A South Carolina school district has opted for Schlage COBRA electronic locks to safeguard its students, teachers and staff. The locks secure outside doors at elementary schools and lock down buildings when teachers and students are outside for recess. It also ensures that doors aren’t accidentally left open.
Electronic Access Control Solution Inexpensively Lets Teachers, Students In and Keeps Strangers Out
FORESTVILLE, CONN. – August 20, 2004 – IR Security & Safety today announced that South Carolina’s Rock Hill School District No. 3 is using Schlage COBRA and PRO Series electronic locks to protect students, teachers and staff on several of its 33 campuses. The district has plans to install Schlage locks, including its line of computer-managed (CM) locking systems, at all of its schools.
“The COBRA and PRO Series locks are good devices for us to ensure secure schools,” reports Mike Robbins, a locksmith for the Rock Hill School District for the past 18 years. “Our future growth is the CM locks, so that way we can control when our teachers come and go in the district. Plus they will tell us who is coming and going.”
Currently the school district has about 25 PRO Series locks installed at eight campuses. The locks are used to secure outside doors at elementary schools, to lock buildings when teachers and students go outside for recess, and to ensure that doors aren’t left propped open. A COBRA lock is installed on a lab to protect expensive equipment.
Schlage PRO Series programmable locks are stand-alone, microprocessor-based, battery-powered locks that let building managers quickly add new codes and delete old ones via the keypad within seconds. Up to 120 unique, individual access codes can be programmed into the lockset. Installation is easy for standard cylindrical, mortise latch and mortise dead-bolt locksets. No external wiring is required. The locksets require little maintenance, providing greater than 80,000 activations, equivalent to 2 to 3 years battery life.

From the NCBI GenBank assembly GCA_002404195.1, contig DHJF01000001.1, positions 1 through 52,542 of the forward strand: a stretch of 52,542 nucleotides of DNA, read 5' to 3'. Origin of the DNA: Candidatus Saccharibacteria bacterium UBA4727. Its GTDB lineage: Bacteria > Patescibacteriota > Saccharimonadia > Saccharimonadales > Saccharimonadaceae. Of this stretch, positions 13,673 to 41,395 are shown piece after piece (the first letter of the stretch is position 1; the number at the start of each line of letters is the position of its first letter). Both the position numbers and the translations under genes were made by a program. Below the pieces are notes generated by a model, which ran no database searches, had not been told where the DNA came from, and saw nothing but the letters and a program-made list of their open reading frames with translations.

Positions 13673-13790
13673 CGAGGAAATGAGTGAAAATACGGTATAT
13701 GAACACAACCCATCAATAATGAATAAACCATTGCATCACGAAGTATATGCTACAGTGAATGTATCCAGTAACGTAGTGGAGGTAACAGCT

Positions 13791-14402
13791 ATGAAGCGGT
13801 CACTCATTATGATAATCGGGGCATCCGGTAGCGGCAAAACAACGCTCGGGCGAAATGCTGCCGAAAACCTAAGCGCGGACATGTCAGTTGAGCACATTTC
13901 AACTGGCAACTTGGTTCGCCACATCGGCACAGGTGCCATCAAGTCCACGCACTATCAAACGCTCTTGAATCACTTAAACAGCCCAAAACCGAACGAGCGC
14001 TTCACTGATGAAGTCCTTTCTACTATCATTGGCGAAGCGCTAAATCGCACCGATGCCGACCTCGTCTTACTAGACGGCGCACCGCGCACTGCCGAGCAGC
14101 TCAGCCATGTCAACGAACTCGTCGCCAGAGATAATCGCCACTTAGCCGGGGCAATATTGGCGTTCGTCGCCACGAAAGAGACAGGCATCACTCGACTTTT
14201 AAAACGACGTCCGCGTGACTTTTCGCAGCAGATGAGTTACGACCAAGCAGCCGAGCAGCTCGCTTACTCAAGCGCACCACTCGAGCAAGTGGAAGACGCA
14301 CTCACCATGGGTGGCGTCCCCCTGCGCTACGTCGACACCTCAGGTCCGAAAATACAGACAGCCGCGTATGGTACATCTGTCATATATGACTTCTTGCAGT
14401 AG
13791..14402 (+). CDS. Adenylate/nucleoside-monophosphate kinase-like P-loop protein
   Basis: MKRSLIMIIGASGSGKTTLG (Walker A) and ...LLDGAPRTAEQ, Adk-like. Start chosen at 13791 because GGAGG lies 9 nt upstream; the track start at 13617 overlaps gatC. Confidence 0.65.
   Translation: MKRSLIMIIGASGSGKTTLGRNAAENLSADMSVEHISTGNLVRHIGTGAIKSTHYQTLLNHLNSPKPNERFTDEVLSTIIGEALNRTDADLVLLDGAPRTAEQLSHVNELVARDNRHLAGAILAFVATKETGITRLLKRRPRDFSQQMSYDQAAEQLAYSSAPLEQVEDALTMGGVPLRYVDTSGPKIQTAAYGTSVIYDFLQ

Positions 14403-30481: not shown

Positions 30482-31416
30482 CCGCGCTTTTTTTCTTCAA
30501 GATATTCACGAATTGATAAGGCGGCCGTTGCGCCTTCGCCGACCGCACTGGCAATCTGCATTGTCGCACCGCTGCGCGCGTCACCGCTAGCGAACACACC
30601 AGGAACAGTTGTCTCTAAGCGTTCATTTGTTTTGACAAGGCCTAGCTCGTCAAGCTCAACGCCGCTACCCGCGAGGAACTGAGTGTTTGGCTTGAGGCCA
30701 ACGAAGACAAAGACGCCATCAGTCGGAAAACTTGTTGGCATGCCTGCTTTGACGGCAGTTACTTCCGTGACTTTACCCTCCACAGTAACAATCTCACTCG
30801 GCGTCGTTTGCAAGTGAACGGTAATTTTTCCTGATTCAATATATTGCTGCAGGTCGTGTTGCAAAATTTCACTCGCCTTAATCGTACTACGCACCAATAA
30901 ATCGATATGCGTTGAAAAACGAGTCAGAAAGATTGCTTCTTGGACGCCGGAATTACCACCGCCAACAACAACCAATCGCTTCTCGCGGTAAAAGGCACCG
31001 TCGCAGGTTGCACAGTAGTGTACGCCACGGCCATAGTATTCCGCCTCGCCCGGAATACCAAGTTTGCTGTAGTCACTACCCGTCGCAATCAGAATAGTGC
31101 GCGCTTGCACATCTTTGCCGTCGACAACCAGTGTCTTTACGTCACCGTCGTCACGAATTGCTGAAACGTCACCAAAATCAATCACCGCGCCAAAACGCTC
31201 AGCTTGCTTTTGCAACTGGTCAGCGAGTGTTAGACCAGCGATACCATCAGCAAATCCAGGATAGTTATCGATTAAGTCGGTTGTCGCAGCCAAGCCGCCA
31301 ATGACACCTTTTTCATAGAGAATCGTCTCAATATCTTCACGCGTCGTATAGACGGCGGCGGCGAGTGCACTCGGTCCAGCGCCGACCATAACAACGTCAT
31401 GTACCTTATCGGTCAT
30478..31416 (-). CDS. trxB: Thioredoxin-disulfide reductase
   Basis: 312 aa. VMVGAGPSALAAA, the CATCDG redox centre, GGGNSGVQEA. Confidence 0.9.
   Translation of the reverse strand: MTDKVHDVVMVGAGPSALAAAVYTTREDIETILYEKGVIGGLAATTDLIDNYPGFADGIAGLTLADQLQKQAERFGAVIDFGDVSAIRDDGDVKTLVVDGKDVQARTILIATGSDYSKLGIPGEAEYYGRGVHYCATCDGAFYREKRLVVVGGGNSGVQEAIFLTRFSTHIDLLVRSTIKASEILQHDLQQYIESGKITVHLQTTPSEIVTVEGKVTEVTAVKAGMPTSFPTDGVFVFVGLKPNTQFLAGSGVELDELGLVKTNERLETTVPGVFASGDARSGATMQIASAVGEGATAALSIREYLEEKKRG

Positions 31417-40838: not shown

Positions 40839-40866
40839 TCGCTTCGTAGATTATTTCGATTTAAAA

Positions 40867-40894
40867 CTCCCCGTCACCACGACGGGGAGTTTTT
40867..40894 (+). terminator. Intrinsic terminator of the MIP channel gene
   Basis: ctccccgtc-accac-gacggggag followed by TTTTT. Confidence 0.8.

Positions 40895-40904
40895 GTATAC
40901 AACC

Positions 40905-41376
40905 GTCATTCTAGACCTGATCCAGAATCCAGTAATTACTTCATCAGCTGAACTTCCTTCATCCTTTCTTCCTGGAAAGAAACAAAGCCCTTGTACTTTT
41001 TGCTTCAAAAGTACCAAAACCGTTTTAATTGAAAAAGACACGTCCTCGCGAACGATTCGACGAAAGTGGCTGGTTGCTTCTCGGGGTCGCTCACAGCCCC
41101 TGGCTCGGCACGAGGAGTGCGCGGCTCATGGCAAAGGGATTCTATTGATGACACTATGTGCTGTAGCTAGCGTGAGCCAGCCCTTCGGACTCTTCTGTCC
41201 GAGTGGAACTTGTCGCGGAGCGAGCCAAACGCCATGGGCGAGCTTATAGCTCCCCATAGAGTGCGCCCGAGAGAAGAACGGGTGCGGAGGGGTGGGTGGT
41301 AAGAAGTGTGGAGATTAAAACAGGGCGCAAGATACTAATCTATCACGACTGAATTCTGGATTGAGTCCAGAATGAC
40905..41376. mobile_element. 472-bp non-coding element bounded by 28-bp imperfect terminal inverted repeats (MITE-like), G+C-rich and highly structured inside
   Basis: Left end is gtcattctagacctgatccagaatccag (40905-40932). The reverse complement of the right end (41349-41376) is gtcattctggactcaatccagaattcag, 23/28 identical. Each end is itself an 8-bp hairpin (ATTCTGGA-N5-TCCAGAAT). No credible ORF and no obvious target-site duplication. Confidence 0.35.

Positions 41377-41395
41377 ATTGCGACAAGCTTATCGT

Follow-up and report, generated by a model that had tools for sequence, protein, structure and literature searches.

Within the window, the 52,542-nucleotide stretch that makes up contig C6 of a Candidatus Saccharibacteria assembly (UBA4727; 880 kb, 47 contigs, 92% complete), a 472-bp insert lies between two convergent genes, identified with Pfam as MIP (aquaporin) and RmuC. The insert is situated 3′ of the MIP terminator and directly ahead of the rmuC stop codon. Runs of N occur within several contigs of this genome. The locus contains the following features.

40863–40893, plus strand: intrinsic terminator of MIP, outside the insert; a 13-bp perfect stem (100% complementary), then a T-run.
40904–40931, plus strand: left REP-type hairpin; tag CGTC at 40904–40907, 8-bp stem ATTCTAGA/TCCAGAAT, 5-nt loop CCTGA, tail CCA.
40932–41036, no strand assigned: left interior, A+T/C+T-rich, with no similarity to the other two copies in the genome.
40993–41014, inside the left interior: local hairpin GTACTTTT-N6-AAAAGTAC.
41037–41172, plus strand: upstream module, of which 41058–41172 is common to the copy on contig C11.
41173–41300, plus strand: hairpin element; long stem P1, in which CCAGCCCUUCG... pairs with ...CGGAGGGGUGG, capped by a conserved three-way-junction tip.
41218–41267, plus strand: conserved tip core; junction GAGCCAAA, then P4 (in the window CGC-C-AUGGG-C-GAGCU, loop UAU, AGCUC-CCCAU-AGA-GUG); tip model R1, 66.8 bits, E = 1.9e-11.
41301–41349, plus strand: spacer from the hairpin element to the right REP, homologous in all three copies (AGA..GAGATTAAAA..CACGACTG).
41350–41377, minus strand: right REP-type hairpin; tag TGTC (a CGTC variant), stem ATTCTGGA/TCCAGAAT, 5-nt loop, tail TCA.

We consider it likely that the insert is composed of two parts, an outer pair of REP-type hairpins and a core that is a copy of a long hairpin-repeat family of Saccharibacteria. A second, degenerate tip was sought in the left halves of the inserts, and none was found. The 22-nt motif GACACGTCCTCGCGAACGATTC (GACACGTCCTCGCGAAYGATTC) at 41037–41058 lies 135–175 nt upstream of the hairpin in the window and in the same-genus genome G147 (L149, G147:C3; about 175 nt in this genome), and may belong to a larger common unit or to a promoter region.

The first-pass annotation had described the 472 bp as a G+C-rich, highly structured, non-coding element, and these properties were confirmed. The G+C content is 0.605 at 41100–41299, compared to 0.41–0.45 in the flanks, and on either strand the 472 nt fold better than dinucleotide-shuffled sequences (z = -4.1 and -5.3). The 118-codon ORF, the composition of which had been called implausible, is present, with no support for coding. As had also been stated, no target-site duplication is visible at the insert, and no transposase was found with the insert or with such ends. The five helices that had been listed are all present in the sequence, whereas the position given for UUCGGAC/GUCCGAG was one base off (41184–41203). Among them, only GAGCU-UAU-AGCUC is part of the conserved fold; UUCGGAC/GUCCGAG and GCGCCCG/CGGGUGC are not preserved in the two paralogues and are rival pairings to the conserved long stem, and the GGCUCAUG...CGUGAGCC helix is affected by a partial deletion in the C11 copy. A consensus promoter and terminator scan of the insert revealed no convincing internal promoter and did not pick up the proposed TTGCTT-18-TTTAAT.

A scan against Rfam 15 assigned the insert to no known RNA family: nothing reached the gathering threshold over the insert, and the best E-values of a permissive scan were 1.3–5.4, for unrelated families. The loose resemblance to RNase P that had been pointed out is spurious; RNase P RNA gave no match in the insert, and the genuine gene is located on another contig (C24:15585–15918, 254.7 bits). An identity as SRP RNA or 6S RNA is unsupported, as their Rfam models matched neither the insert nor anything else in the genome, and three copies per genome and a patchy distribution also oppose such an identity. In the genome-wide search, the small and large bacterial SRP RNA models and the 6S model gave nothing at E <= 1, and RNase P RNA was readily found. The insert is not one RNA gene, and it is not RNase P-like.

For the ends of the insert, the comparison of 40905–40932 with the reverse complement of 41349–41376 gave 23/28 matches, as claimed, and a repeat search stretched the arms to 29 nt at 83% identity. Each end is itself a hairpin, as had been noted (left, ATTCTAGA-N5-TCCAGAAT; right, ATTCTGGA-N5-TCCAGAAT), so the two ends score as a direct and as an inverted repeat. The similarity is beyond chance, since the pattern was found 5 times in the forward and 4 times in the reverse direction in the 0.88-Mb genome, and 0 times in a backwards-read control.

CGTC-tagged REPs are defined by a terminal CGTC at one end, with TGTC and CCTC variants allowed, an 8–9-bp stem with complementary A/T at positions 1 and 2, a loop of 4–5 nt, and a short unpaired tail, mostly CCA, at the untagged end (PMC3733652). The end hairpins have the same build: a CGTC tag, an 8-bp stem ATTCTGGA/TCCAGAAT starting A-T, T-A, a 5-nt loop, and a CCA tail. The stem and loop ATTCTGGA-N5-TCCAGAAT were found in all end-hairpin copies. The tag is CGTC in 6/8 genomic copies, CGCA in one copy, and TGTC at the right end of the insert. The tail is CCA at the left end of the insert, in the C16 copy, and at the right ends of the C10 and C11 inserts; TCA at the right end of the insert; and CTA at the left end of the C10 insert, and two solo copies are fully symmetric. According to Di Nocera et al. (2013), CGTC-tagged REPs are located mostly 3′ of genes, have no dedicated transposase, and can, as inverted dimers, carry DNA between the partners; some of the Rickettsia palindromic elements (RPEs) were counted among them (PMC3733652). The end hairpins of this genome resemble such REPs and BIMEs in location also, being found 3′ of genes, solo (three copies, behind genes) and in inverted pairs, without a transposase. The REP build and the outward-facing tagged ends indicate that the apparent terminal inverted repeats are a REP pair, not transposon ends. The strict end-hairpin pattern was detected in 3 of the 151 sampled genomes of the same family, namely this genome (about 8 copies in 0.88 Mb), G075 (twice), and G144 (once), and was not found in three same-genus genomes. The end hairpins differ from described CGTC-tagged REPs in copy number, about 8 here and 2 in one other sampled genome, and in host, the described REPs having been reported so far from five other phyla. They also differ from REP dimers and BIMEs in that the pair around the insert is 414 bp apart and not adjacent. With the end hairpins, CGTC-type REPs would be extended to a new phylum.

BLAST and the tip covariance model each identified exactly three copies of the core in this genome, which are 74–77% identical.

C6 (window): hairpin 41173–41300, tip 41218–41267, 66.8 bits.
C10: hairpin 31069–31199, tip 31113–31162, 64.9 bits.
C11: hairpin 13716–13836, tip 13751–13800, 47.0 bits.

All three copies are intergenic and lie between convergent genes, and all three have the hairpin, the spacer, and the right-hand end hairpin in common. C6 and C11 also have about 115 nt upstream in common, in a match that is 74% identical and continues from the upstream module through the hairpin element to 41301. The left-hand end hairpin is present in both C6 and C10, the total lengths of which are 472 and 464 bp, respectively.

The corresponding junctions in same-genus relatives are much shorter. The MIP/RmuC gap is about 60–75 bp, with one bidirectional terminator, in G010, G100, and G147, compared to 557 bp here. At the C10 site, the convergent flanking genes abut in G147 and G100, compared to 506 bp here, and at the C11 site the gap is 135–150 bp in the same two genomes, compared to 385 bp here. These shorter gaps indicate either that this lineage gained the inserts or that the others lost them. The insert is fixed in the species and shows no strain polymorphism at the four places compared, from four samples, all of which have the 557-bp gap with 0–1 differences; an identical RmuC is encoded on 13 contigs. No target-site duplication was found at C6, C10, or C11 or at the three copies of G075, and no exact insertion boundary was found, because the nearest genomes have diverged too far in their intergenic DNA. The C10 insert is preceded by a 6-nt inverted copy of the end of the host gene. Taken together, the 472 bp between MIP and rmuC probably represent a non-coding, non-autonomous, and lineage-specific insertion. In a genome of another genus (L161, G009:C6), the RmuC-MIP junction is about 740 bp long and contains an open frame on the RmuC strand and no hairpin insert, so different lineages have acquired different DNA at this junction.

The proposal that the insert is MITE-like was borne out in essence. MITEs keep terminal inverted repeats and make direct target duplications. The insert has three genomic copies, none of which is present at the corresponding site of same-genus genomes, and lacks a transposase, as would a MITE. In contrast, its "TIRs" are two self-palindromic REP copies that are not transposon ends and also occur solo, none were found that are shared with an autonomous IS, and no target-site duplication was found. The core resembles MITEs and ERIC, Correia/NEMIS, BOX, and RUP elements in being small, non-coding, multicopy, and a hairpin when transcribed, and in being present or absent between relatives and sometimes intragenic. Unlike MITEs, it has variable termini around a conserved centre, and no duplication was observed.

Schlage COBRA locks are electronic cylindrical or mortise-style locks that can store up to 100 3- to 8-digit user codes and allow locksmiths to easily add or delete codes in seconds. Until it receives an authorized code, the clutching lever simply gives way, discouraging vandals and others from breaking it to gain entry. Schlage COBRA mortise locks have an architecturally appealing design and are available in five finishes and two lever styles that fit most mortise door preparations with minor modifications. Coverplates are available to cover door preparation left from prior installations.
One CM lock is currently installed on a fitness room for teachers and students. Teachers are given the code, so students can only access it when a teacher is present. Eventually teachers will be able to use their ID badges to access the lock. The district plans to install more CM locks that will work with proximity cards.
“The CM locks are a great standalone system for access control retrofits,” Robbins said. “We’re always looking for a better mousetrap. If there’s something out there, we try it.”
CM standalone locking products provide features found traditionally with online, networked systems. Whatever the credential used, a user-friendly software programs all, including the locks, access trim, and offline hard-wired controllers, which manage strikes and magnets, from a laptop or PDA. New users, access points and access privileges can be entered into the system in seconds. They also provide an audit trail capability.
“I’ve worked very hard to get IR locks in the district, and so far everyone is really liking them,” Robbins said. “The initial cost may be more, but you spend more money rekeying a facility if someone loses a key. Plus, you can change the code and your facility is secure again in a matter of minutes. When you use mechanical keys, you have to go around and rekey all the doors.”
For the past four years, Robbins has taught a one-hour class on access control for the annual meeting of the South Carolina School Plant Manager’s Association. He discusses several systems, but always mentions and shows photos of the district’s IR Security & Safety locking systems.
“The electronic locks are easy to program and use and require almost no maintenance,” Robbins added. “We’ve had PRO Series locks in the district for the past eight years and I would say that we are getting three to four years of use out of each battery. I change batteries in my pager a lot more often than I change batteries in these controllers. When needed, it’s so simple to change them.”
District administrators want more of the locks installed, but finding money in tight budgets can slow the process, the locksmith said. “We have principals going to the PTAs and they’re buying locks with money that the kids are raising. When you are talking about securing schools, the money finds itself.”
About IR Security & Safety’s Electronic Access Control Division
Since 1969, IR Security & Safety’s Electronic Access Control Division (EACD) has provided premium electronic access control solutions, including electromagnetic locks, monitoring consoles, electromechanical locks and strikes, electrical and electronic exit devices, power supplies and controllers to security professionals and their customers. Leading brands such as Recognition Systems, Schlage and Von Duprin comprise the Electronic Access Control Division of IR Security and Safety, which serves an international clientele from its headquarters in Forestville, Conn. Phone is 866-322-1237. The IR website is www.irco.com.